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Spotted Dick, The Classic British Steamed Pudding

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Homemade British Spotted Dick With Custard

The name might be a little suspect but the pudding takes a seat at the top table of British desserts. A moist steamed pudding laced with currants and flavoured with lemon zest. Served with a proper custard. 

This is a quick recipe to put together and will happily steam away on it’s own, but you will need to check the water levels every now and again. 

The outside of this pudding has a light crust and the centre is beautifully moist with really plump fruit. 

Beef suet was originally used in this recipe. I can’t find that here in Greece so I. Used butter, but lard, or vegetarian suet would work equally well.

The Corinth area in Greece produces some of the best currants I have tasted so I have opted to use those. But you could use any dried fruit.

In the video I’ll show how to steam a pudding properly, and practical solutions to ensure the pudding doesn’t stick and how to remove it from the bowl.


300g Self Raising flour

150g Butter

75g Caster sugar

Pinch of Salt

100g Currants

Zest of 2 lemons 

160ml milk


1 litre pudding basin

Baking string 

Non stick baking paper

Times & temperatures

Steam in a large pot of 2 hours with simmering water.

Watch the tutorial on YouTube


1. Combine the flour and salt into the bowl. Dice the butter and either rub into the flour by hand to create a fine breadcrumb like texture, or pulse in a food processor.

2. Add the sugar, lemon zest and currants to the bowl, mix and then add in about three quarters of the milk and mix. You are shooting for the same texture as I showed in the video. Slowly add the remaining until you’ve reached that texture. If your flour is really thirsty you may need to add a little more. 

3. Mix with a spoon but don’t knead. Generously grease a pudding basin and add a circle shaped piece of non stick baking paper to the bottom. Add the pudding mix to the basin, press down gently, top with a non stock cartouche (baking paper circle) and then cover the bowl with silver foil. You can use string to seal and create a handle, or you could improvise a handle out of non stick paper or silver foil.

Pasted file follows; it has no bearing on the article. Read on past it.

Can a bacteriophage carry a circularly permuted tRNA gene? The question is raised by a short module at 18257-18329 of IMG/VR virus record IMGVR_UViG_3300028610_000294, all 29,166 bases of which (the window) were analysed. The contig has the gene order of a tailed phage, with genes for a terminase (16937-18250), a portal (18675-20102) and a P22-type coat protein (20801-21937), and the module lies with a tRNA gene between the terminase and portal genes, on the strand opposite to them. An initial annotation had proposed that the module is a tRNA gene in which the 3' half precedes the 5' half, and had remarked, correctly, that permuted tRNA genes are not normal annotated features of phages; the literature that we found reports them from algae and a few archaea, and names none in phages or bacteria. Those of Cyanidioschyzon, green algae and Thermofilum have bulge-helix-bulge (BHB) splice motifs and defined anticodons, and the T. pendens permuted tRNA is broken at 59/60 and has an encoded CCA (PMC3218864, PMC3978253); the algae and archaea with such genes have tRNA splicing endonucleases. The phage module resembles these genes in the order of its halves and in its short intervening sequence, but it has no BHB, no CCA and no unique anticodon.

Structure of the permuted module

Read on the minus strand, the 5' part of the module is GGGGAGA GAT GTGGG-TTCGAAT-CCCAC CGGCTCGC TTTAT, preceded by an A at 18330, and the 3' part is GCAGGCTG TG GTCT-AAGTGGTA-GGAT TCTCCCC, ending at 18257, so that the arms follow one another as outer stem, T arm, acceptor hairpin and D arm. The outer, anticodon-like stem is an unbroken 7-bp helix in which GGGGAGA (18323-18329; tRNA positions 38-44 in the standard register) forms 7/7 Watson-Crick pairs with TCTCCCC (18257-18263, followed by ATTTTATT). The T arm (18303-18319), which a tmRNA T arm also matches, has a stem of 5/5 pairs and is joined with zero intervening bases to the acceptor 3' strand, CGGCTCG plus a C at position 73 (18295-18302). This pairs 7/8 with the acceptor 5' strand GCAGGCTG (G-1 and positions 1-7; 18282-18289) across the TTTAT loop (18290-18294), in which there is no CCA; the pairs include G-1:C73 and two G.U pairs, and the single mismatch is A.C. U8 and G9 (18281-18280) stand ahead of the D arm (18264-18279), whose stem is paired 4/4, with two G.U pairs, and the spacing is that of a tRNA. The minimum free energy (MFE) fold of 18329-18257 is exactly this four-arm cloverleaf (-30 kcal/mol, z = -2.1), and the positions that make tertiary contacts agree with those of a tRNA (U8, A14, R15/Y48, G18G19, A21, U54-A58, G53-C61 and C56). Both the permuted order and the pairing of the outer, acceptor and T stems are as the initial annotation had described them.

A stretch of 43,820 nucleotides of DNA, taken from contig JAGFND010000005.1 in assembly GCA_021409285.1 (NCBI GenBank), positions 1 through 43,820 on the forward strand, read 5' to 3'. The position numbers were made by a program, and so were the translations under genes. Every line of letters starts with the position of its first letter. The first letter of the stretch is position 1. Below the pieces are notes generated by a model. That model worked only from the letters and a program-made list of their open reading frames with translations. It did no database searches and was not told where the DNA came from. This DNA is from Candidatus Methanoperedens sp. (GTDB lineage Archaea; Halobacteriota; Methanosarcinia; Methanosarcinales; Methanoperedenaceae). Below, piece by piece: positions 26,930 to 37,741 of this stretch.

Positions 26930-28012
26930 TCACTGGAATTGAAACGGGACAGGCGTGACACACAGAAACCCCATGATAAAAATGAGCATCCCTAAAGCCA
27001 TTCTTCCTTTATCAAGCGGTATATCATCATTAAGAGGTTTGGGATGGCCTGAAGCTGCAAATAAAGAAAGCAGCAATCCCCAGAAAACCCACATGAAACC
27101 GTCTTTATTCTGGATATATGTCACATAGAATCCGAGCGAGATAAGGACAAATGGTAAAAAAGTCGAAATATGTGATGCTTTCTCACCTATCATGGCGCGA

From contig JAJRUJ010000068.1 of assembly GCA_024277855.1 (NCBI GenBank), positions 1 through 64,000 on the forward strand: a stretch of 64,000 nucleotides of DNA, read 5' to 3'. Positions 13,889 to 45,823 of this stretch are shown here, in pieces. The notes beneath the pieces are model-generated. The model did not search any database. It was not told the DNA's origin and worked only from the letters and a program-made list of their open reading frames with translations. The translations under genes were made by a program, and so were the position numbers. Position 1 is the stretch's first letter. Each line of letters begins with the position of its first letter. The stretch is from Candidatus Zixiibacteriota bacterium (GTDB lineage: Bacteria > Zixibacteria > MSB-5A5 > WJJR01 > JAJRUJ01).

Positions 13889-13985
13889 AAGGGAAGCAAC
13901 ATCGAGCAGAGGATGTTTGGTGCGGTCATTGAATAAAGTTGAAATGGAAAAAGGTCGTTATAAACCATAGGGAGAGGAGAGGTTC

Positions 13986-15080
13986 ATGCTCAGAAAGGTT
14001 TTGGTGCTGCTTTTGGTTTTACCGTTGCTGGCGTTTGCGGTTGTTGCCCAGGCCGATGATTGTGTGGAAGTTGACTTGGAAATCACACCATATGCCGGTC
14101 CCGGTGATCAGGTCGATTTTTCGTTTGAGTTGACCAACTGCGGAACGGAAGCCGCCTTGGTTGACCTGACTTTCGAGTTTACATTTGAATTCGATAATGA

4. You need a pot large enough to take the pudding basin and something to sit the basin on. I use an old kitchen cloth but you could use a pastry cutter or improvise with something else (obviously heat resistant). Place it in the pan and add enough boiling water to cover the trivet and come a third of the way up the bowl. Place the lid on the pot and simmer for two hours. You may need to top the water level up with more boiling water from time to time. 

5. Gently run a palette knife around the edge of the bowl to release a little. Turn out onto a plate and serve with the custard!

To make the custard 

6. Split the vanilla pod and scrape out the seeds and add to the milk and the cream. Bring to a simmer. Whisk the egg yolks and the sugar together and pour over the milk and cream mixture while whisking. Add back to the pan and gently warm on the heat until thickened. This needs to be a nice thick custard.

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